I’ve created a robust Lot structure that pairs up with the breakdown of jobs in the Scope of Works, ensuring all quotes that come in are like-for-like and against our requirements. I’ve uploaded the 20MB of tender documentation so I can track when they download it, but I’ve made sure that the Scope of Works is included with the invitation email to give reassurances to the builders that this is a genuine job. I’ve also added my architect as a collaborator on my tender so he can dip in and out to check how things are going and can help me to answer the questions. I’ve even added my wife as a viewer in case she has the inclination to have a look at what we’re up to!
My final task is to pull together the list of builders, i.e. the sourcing exercise. All I need for Market Dojo is a list of email addresses. Typically if the tender is being run manually and paper-based, I would be inclined to invite only 3 or 4 builders, since the efforts of burning CDs and posting them out, checking they’ve arrived, having dozens of phones calls to handle the questions which are repeated from one builder to the next, collecting all the paperwork and somehow collating it together despite the incomparable nature of the bids, is all very laborious. However, since I’m running this online, there is very little extra effort whether I invite a few builders or a few hundred. Therefore at this point I shall be casting my net far and wide and see how it funnels down.
My first point of call is Google. Searching for ‘builders in bristol’ and other related terms like ‘house extension bristol’, I’m able to find lots of candidates. I’ll be asking for references as part of the questionnaire, so at this stage all I need to know is if they look professional, if they mention jobs that look similar, if they are reasonably local, and if they have an email address. I encountered websites like mybuilder.com a lot, so clearly I am not the first to think of running an online tender process for personal building works, although those sites don’t have the facility to properly manage your tender or to invite builders from outside their system, or even to run a reverse auction to settle the negotiaton if I so please. Additionally builders have to pay fees, which is not a model I believe in as it reduces competition and the fees would end up being passed on to me anyhow.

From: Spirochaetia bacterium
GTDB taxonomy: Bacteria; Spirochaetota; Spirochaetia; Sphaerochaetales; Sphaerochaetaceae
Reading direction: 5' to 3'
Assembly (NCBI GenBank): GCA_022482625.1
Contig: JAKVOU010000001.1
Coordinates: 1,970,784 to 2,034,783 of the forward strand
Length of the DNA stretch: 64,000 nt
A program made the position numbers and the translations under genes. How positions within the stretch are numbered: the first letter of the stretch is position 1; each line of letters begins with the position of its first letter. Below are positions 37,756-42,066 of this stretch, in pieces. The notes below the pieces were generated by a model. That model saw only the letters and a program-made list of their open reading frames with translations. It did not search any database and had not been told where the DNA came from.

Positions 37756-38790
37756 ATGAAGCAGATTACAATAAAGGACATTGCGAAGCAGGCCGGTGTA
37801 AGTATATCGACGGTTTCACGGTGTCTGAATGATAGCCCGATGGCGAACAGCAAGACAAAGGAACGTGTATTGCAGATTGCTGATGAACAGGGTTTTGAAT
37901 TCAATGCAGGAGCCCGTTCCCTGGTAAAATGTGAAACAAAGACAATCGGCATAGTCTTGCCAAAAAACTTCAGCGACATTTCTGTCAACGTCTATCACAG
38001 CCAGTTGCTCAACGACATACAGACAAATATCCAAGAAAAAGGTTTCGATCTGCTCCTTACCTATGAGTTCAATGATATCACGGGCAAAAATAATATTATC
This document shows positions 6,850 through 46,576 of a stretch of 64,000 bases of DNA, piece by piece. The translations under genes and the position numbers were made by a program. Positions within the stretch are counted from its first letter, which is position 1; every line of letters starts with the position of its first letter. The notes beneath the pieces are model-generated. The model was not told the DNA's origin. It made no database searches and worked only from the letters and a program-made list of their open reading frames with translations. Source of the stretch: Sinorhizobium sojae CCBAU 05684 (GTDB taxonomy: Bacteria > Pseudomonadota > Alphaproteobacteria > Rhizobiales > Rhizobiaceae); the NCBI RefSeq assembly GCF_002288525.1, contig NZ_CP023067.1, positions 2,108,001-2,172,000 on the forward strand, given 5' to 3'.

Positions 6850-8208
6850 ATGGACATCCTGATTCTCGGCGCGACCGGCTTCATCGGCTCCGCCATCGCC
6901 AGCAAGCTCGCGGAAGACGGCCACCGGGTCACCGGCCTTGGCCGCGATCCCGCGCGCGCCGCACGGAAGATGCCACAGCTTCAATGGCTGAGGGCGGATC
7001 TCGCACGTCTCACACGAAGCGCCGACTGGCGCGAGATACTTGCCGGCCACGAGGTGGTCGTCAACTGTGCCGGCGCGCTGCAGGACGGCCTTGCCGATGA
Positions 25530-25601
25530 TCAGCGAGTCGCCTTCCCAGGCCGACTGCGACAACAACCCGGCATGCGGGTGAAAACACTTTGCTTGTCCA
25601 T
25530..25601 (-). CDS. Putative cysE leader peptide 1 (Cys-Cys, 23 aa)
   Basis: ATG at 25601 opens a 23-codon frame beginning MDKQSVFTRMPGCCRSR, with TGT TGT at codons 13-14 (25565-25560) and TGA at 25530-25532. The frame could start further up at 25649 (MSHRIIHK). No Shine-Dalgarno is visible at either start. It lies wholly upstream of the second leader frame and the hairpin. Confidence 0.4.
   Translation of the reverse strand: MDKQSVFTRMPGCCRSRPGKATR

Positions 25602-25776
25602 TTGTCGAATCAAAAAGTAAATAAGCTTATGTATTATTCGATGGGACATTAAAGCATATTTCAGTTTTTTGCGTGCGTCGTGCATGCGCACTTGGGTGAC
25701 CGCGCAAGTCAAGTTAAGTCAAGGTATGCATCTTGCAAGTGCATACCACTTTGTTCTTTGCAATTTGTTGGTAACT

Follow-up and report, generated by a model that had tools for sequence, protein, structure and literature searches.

I will also ask friends and family for referrals, and scour professional associations for any recommendations as well. At this stage, the more the merrier.
So as of today, I have pretty much built my tender and found my list of prospective builders. My action over the weekend is to hit the button and make it live. At that point I really should start ringing round the builders to let them know I’ve been in contact and that I am a genuine prospect. That way I’ll increase my chances of receiving the competitive offers and finding that proverbial ‘needle in a haystack’ builder that precisely meets my objectives.
Stay tuned for part 2 as I manage the tender and hopefully get some competitive offers!